10/12/2021 - Portugal’s economy is recovering from the COVID-19 crisis, thanks to swift and effective policy action and a successful vaccine rollout. As the recovery progresses, it is important to pursue investment and structural reforms that will raise living standards, strengthen public finances and put growth on a strong, sustainable and resilient path, according to a new OECD report.
The latest OECD Economic Survey of Portugal notes that with an ageing and shrinking working age population, future growth will hinge on productivity gains. Portugal should use its EU-funded Recovery and Resilience Plan to accelerate the digital and green transitions, focusing on projects that will have the strongest economic and social impact.
“Portugal is recovering fast from a profound economic shock, and we see this recovery continuing,” OECD Secretary-General Mathias Cormann said. “It will be crucial to optimise the strength and the quality of the recovery, through higher productivity and by accelerating the digital and green transitions. The Recovery and Resilience Plan offers a way to help achieve this and it should be implemented swiftly and effectively.”
The pandemic dealt a severe blow to the Portuguese economy. After an 8.4% drop in 2020, Portugal’s GDP is projected to rebound by 4.8% in 2021 and 5.8% in 2022, helped by the fact that close to 90% of the population is now fully vaccinated, the highest rate in the OECD.
Nevertheless, economic activity in key sectors like tourism, transport and hospitality is still below pre-crisis levels. Targeted support to households and firms should be continued, and adapted to the evolution of the pandemic, the Survey says. Support to young and low-skilled jobseekers should be strengthened to help them adapt to a changing labour market. More should be done to help viable firms to raise capital.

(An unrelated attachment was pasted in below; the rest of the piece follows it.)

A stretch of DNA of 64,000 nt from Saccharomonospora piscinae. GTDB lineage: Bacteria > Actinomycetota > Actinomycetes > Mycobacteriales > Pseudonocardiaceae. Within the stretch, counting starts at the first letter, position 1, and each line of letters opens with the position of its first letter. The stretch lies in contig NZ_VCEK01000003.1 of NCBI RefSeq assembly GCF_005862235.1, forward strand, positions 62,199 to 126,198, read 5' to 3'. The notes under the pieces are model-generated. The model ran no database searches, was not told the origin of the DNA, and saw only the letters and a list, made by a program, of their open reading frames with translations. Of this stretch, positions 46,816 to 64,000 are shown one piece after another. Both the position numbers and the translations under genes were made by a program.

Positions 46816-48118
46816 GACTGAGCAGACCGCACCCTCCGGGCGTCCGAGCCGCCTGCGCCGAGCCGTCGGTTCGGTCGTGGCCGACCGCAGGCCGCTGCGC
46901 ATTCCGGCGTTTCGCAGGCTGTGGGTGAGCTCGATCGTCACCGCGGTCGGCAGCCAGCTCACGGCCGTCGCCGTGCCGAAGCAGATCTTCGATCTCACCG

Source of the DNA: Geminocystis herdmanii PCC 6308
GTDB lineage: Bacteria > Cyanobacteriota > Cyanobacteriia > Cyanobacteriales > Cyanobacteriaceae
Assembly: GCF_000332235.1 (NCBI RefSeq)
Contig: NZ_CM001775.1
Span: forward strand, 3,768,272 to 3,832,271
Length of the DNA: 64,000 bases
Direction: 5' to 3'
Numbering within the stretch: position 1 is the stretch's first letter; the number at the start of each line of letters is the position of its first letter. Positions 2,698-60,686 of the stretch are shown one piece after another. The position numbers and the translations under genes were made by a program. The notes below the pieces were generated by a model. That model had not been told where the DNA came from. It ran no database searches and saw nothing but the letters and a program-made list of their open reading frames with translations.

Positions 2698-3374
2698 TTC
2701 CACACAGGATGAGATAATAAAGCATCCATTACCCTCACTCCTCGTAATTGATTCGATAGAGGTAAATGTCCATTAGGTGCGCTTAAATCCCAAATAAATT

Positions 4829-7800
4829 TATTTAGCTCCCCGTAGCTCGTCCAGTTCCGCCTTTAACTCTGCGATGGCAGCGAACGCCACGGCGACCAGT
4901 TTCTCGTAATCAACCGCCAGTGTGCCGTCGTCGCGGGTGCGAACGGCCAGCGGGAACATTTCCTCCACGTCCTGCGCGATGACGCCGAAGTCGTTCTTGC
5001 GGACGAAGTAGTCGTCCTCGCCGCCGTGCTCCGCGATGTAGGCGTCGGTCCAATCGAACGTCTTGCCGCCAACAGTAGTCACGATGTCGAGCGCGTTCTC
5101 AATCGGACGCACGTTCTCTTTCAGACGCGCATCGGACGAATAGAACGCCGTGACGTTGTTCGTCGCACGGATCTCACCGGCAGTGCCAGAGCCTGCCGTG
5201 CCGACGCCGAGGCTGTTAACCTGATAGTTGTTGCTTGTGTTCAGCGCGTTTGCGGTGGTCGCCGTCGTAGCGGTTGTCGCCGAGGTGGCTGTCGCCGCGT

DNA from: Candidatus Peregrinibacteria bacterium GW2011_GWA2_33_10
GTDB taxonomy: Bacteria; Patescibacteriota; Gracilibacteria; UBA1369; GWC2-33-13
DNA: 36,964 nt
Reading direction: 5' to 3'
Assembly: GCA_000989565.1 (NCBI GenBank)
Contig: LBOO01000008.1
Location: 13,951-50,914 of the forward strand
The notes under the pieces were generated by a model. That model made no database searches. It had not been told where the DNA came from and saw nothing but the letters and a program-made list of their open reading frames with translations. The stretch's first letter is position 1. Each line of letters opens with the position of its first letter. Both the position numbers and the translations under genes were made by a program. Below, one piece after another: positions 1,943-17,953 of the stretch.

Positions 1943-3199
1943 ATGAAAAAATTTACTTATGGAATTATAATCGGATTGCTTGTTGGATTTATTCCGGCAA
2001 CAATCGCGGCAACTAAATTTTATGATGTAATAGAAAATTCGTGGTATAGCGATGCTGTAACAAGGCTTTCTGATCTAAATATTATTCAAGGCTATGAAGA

Portugal should also reduce macroeconomic imbalances to put the recovery on a stronger footing. The public debt-to-GDP ratio has risen to among the highest in Europe, and as the recovery takes hold, it will be important to put in place a clear and credible medium-term fiscal adjustment plan. Reforms are needed to prepare for a shrinking working-age population, as well as to improve public sector administration. The long-term sustainability of the pension system could be further improved. The pandemic has also increased financial risks in the corporate sector, and Portuguese banks are shouldering a high-level of non-performing loans. The Survey recommends strengthening incentives for banks to reduce the level of high-risk assets.
Going forward, accelerating the digital transition will be vital to adapt Portugal’s economy to a post-pandemic world and boost productivity growth, which has lagged behind the OECD average for most of the past two decades, according to the Survey. This will require helping firms to adopt new technologies, equipping the population with digital skills and improving access to high-quality broadband services.
See a Survey Overview with key findings and charts (this link can be used in media articles).
For further information, journalists are invited to contact Catherine Bremer in the OECD Media Office (+33 1 45 24 80 97).
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